Posts calling out “Beef” star David Choe and sharing the 2014 podcast clip in which he detailed self-proclaimed “rapey behavior” have been taken down from Twitter since criticism renewed this month.
The tweets included clips from a 2014 episode of his now-defunct podcast, “DVDASA,” and were removed from Twitter on Sunday after they were labeled with a “report from the copyright holder” notice. The clips included Choe’s telling a graphic story about a masseuse that has been criticized as describing rape and sexual assault. He later asserted that the story was a fabrication.
An email obtained by NBC News, sent from Twitter and addressed to Meecham Whitson Meriweather — one of two social media users whose tweets were removed — listed Choe as the copyright holder and party who had requested the takedown. In the request, included in the email, Choe wrote that the clips had been shared “without our consent.”
“We would like to have these videos removed immediately,” said the request, which specifically cited tweets from Meriweather and fellow Twitter user Aura Bogado.
Neither Twitter nor Choe responded to requests for comment. After the controversial podcast in 2014, Choe denied the story, saying in a statement that the podcast is “a complete extension of my art.”
“I never thought I’d wake up one late afternoon and hear myself called a rapist. It sucks. Especially because I am not one. I am not a rapist. I hate rapists,” he wrote in the 2014 statement. Multiple news outlets at the time reported on his response, which was posted on the podcast’s now-defunct website.
The Twitter email, which also listed the David Young Choe Foundation as Choe’s company, informed Meriweather that his tweet had been taken down because of a “DMCA takedown notice,” a reference to the Digital Millennium Copyright Act, which protects copyright holders from online theft. However, several Twitter users said the tweets’ removal was an attempt by Choe to scrub the internet of his past.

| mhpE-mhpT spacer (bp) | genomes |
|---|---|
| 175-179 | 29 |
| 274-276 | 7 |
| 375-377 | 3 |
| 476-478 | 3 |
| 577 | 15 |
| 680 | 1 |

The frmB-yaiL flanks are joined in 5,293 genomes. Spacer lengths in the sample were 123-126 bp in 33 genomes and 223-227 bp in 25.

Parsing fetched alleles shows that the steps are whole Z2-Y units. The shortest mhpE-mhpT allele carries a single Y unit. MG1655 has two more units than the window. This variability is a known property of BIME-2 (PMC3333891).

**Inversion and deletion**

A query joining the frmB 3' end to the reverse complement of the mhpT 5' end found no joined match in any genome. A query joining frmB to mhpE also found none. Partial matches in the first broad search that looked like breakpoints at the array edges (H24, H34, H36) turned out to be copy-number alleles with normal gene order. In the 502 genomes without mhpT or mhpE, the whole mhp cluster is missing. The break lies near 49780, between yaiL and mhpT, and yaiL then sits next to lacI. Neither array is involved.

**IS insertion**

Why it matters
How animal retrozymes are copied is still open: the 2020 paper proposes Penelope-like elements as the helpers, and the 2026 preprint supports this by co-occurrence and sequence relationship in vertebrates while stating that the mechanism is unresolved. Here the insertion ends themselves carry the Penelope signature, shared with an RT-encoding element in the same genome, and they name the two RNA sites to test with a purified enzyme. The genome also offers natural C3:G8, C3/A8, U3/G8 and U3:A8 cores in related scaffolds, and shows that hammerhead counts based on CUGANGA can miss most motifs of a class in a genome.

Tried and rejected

Meriweather, a New York City-based culture writer, said he had been following “Beef” since it was released April 6. He saw the clip when it was first posted by Bogado, a senior reporter at the Center for Investigative Reporting.
Meriweather wrote in the now-removed tweet that the woman who was in the room during the episode, Asa Akira, called Choe out several times, telling him the behavior he described was rape, “allegedly.”
Meriweather said he was disappointed in the handling of the controversy, adding that the tweets’ removal is an example of silencing those condemning problematic behavior.
“It’s just so strange to me,” he said. “We are no longer believing our eyes and our ears when it’s right in front of us.”
Since the show’s release, many have questioned its decision to cast Choe. Choe previously said on “The Joe Rogan Experience” podcast that co-stars Steven Yeun and Ali Wong had presented him with the opportunity to be in the series, which marked his first major foray into acting.
“Waiting to hear why @aliwong and @steveyeun made a decision to give Choe this platform,” Bogado wrote. “Silence really speaks volumes.”
Neither Yeun nor Wong responded to requests for comment. And as of Monday, Wong’s Twitter account had been set to private. Neither Netflix nor A24, the studio that produced the series, responded, either. Bogado also did not respond to a request for comment.
Choe’s comments have been the subject of criticism in the past, as well. In 2017, a mural he painted in Manhattan was vandalized. And among the messages tagged on it was the word “rapist.” Choe apologized for the remarks in a statement on Instagram, writing that he has “ZERO history of sexual assault.”
“In a 2014 episode of [‘DVDASA’] I relayed a story simply for shock value that made it seem as if I had sexually violated a woman. Though I said those words, I did not commit those actions. It did not happen,” he said. “I am deeply sorry for any hurt I’ve brought to anyone through my past words.”
Meriweather said he hopes the show will act, but he also acknowledged that there is a layered conversation to be had.
“I think there’s really only one way to go about it … which is to take accountability and then move forward without him,” Meriweather said. “The thing is that everyone knew. It was complicity. How do you really move forward with that when you are part of the problem?”